Rome's Prominent and Oldest Fashion House
The history of Rome's oldest fashion house, the glamorous Sorelle Fontana, reads like a fairy tale. It is the story of three young women who made their way from a tiny town near Parma to Rome and then America, whose beautiful designs became highly sought-after by Hollywood stars, famous women and the Italian aristocracy.
The three women, sisters Zoe, Micol and Giovanna came from Traversetolo, where they were taught dressmaking by their talented mother, Amabile. In 1907 they inherited their grandmother's atelier and worked hard at making their popular clothes. They moved to Parma where they opened another atelier, but they were attracted by the idea of making clothes in a fashionable city.
Zoe decided to move and found it difficult to decide between Rome and Milan. Her instinct told her to travel to Rome, the city of the Italian aristocracy. Her sisters and her mother joined her and they opened their atelier at the start of the Second World War. "We could still hear bombs going off on the beaches when we moved into our first atelier in Rome. But that didn't matter. It was our dream to own an atelier," Micol said much later, according to an article in The Scotsman by John Davidson.
Their glamorous clothes based on Christian Dior's 'New Look' which clung to the bust-line, but had full skirts, soon became favored by the Italian aristocracy. The Russian e'migre', Principessa Irene Galitzene, especially loved their designs.
Even though Paris was the principal center of fashion at this time, some of the Italian designers decided to rebel against this monopoly. They believed that their more informal and sexier styles would appeal to the Americans and made a plan to attract them. The Marchese Giorgini and some of the main Italian dress designers, including Sorelle Fontana, invited eight buyers from American stores and the leading fashion journalists to their fashion shows. These were greeted with 'unreal silence', Micol said later, so it must have been difficult to tell at first whether the designs appealed to the audience. They did, however, and the designers received large orders.
This was when the designers of Italian fashion developed their own style, freeing their designs from the domination of external influences.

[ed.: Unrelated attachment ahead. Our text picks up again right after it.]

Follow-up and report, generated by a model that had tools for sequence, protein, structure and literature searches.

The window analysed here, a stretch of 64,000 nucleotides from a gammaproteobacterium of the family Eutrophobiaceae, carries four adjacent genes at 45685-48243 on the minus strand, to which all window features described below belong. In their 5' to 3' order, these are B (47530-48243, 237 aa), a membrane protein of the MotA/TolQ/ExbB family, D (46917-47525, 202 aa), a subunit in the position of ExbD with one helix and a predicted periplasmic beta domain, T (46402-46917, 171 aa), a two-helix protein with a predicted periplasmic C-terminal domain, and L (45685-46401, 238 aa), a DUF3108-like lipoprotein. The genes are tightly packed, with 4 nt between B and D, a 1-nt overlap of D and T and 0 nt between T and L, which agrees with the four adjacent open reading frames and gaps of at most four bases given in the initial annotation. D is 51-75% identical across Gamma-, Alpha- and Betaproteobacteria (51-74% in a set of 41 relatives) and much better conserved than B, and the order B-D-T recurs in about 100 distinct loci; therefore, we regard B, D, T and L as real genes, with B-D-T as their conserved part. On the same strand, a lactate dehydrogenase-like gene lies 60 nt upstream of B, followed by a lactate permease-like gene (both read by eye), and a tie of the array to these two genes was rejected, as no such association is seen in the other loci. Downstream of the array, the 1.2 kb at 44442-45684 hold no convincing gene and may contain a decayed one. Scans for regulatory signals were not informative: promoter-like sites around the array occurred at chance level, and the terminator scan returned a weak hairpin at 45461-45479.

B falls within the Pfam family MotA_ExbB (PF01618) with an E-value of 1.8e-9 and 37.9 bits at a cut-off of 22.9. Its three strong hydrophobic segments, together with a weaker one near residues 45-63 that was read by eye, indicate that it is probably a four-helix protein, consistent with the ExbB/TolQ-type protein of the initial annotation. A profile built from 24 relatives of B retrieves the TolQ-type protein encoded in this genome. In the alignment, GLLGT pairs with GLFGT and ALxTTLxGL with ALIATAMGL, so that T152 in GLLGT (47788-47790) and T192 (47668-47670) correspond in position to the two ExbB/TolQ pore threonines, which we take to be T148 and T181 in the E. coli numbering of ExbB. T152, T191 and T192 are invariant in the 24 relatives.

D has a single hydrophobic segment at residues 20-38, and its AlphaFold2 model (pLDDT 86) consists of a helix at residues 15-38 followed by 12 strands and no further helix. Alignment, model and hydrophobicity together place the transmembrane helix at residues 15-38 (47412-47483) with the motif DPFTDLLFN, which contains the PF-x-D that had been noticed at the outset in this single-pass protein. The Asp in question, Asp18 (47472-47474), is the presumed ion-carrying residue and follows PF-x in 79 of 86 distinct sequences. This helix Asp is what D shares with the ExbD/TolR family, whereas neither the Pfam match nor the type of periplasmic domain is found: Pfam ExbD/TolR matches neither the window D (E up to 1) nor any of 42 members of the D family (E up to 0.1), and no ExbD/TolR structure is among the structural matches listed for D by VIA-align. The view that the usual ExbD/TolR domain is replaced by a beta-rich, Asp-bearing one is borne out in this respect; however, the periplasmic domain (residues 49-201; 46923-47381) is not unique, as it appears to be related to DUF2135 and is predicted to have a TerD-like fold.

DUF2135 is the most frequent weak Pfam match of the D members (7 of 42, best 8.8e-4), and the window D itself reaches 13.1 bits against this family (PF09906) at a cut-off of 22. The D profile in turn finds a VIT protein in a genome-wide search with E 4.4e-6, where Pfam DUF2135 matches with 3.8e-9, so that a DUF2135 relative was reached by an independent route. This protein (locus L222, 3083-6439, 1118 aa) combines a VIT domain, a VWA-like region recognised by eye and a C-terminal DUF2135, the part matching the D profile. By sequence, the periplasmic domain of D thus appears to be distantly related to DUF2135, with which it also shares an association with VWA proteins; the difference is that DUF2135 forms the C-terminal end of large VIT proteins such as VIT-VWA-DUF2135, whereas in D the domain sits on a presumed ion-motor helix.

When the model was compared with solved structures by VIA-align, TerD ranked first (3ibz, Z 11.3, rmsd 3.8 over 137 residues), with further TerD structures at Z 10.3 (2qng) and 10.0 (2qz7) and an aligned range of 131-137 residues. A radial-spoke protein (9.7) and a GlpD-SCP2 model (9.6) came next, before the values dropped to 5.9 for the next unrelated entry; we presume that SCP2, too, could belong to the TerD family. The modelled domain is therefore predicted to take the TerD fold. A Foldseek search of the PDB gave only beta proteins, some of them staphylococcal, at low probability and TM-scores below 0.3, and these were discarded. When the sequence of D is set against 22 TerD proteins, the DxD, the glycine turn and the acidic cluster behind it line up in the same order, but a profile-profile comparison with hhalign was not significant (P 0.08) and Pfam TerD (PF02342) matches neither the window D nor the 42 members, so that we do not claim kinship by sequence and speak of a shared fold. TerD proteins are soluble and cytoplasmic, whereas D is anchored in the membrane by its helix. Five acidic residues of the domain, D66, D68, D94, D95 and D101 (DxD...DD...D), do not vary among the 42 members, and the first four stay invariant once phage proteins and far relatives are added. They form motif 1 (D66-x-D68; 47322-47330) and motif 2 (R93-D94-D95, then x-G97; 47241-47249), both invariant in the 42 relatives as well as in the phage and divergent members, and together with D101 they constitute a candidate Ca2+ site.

Soon the Hollywood stars, who were making movies on location, started to favor the designs of Sorelle Fontana. Their most famous garment is probably the cassock dress that was worn by Ava Gardner, which was quite shocking at the time because it was based on the robes worn by Roman Catholic priests. The dress that Anita Ekberg wore in Fellini's film, La Dolce Vita, in which she splashed in the fountain, was even more controversial. This was the perfect dress for this film, which portrayed the decadent lifestyle of the high-living, rich and idle 'jet set'.
The stunningly beautiful Ava Gardner wore Sorelle Fontana's clothes on and off the set. Her lovely clothes in "The Barefoot Contessa" were designed by these couturiers. Some of their other famous designs include Linda Christian's wedding dress when she married Tyrone Power in "Made in Italy", and the former president's daughter, Margaret Truman's wedding dress. They dressed the young and gracious Audrey Hepburn as the runaway Princess who falls in love with a journalist in the movie, "Roman Holiday".
Many other beautiful women, such as Princess Grace, Jacqueline Kennedy and Elizabeth Taylor also wore designs made by Sorelle Fontana. Fontana often showed their clothes at fashion shows with the famous Italian bespoke fashion house, Brioni, which tailored for many male Hollywood stars.Innovative and modern, the sisters made a series of dresses printed with images by contemporary artists. They also designed uniforms for Alitalia stewardesses, official hostesses at the UN, and for many of the banks.
Famous for their wedding dresses, evening wear, and full-skirted cocktail dresses, the sisters decided to branch out into ready-to-wear clothes as well. They started to make accessories, such as handbags, shoes and men's ties.
The Sorelle Fontana atelier overlooks the Piazza di Spagna in Rome. The couturier's designs are still worn by Hollywood stars and international royalty. The Fontana sisters didn't just achieve their dream of opening an atelier; they came to own one of the most famous in the world, synonymous with glamour and elegance.
By Lisa-Anne Sanderson